The FDA published on December 5th the final issue of the guidance document “Technical Considerations for Additive Manufactured Medical Devices“, dedicated to manufacturers intending to exploit this new process.
This 31 pages document details the current thinking of the FDA regarding additive manufacturing (AM). It is not a standard or a regulation, but a list of advices that manufacturers may chose to follow in order to facilitate the approval of additive manufactured medical devices.
The main topics to consider are as follow:
- Device design: interesting design innovations are allowed with AM, however care must be taken because of technological limitations (low printing resolution, surfaces pixelisation …) that may necessitate finishing operations.
- Software workflow: AM involves more software processing than conventional manufacturing process, so the manufacturer should make sure that the integrity of data is preserved while they are converted by the different software applications. The FDA advise the use of the standard AMF format (Additive Manufacturing File).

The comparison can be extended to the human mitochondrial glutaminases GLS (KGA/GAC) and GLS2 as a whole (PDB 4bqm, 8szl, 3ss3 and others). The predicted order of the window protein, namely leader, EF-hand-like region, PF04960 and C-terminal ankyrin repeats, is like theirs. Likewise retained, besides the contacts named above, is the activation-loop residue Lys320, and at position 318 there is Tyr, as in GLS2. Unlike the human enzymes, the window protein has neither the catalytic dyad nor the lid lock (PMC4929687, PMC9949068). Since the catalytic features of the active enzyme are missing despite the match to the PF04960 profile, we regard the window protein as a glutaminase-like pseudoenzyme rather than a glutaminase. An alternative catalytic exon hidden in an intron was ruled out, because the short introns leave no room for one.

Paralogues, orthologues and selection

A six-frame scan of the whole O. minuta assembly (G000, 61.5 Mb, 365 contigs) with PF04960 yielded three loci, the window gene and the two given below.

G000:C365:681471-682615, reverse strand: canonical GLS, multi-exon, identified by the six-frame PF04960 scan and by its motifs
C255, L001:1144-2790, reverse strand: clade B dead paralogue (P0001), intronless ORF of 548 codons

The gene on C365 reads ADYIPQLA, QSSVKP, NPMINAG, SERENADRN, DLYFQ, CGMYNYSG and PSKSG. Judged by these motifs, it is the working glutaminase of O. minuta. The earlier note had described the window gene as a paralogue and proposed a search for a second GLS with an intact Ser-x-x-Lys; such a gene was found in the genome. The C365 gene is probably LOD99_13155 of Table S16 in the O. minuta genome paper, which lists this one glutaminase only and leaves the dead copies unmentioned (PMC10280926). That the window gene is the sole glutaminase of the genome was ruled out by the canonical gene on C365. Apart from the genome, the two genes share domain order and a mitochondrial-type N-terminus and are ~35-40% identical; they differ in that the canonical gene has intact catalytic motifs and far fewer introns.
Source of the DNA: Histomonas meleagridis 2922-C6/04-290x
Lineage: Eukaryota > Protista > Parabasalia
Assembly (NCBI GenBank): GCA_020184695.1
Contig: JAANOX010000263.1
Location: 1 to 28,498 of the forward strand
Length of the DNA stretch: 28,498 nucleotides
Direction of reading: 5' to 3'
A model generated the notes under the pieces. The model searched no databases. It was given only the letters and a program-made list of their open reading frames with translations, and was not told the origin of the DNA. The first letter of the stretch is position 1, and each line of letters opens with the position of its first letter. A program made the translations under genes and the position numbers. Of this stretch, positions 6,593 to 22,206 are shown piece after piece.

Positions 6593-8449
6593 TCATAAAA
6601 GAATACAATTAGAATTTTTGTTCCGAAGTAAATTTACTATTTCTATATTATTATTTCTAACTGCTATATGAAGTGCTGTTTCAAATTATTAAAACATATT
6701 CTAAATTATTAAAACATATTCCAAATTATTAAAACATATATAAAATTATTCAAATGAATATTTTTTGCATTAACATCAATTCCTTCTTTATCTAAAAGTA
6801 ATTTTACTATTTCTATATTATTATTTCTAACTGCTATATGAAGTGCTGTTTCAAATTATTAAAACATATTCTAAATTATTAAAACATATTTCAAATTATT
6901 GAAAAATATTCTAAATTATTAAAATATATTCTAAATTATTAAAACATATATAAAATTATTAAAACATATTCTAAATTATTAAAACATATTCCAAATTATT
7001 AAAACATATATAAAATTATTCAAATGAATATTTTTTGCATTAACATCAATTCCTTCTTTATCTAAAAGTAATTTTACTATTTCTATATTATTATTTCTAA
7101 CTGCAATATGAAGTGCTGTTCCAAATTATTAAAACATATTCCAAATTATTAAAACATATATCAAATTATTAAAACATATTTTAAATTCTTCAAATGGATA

- Raw material management: material characterisation, material reuse …
- Post-processing operations: such as finishing, heat treatment or HIP (Hot Isostatic Pressing).
- Process validation: an IQ OQ PQ qualification is advised, and acceptance criteria are suggested.
- Quality data to consider: data that should be recorded, for instance.
- Device testing consideration: dimensional, mechanical, material …
- Removing manufacturing material residues and sterilization: as the porosity and surface area of additive manufactured device may be greatly inscreased, they are more difficult to clean.
- Biocompatibility: with no surprise, it is advised to follow the requirement of ISO 10993-1.
- Labeling: no particular requirements.
This guide will prove useful to manufacturers that are considering using additive processes for medical device manufacturing. From there, an action plan can be drawn and a project schedule defined.
There is currently no European equivalent, and a few notified body are a bit reluctant when asked to evaluate an implant manufactured with an additive process. Like the FDA, European authorities would gain in quickly explaining there position regarding additive manufacturing, in order to incitate (or not) manufacturers to exploit this promising technology.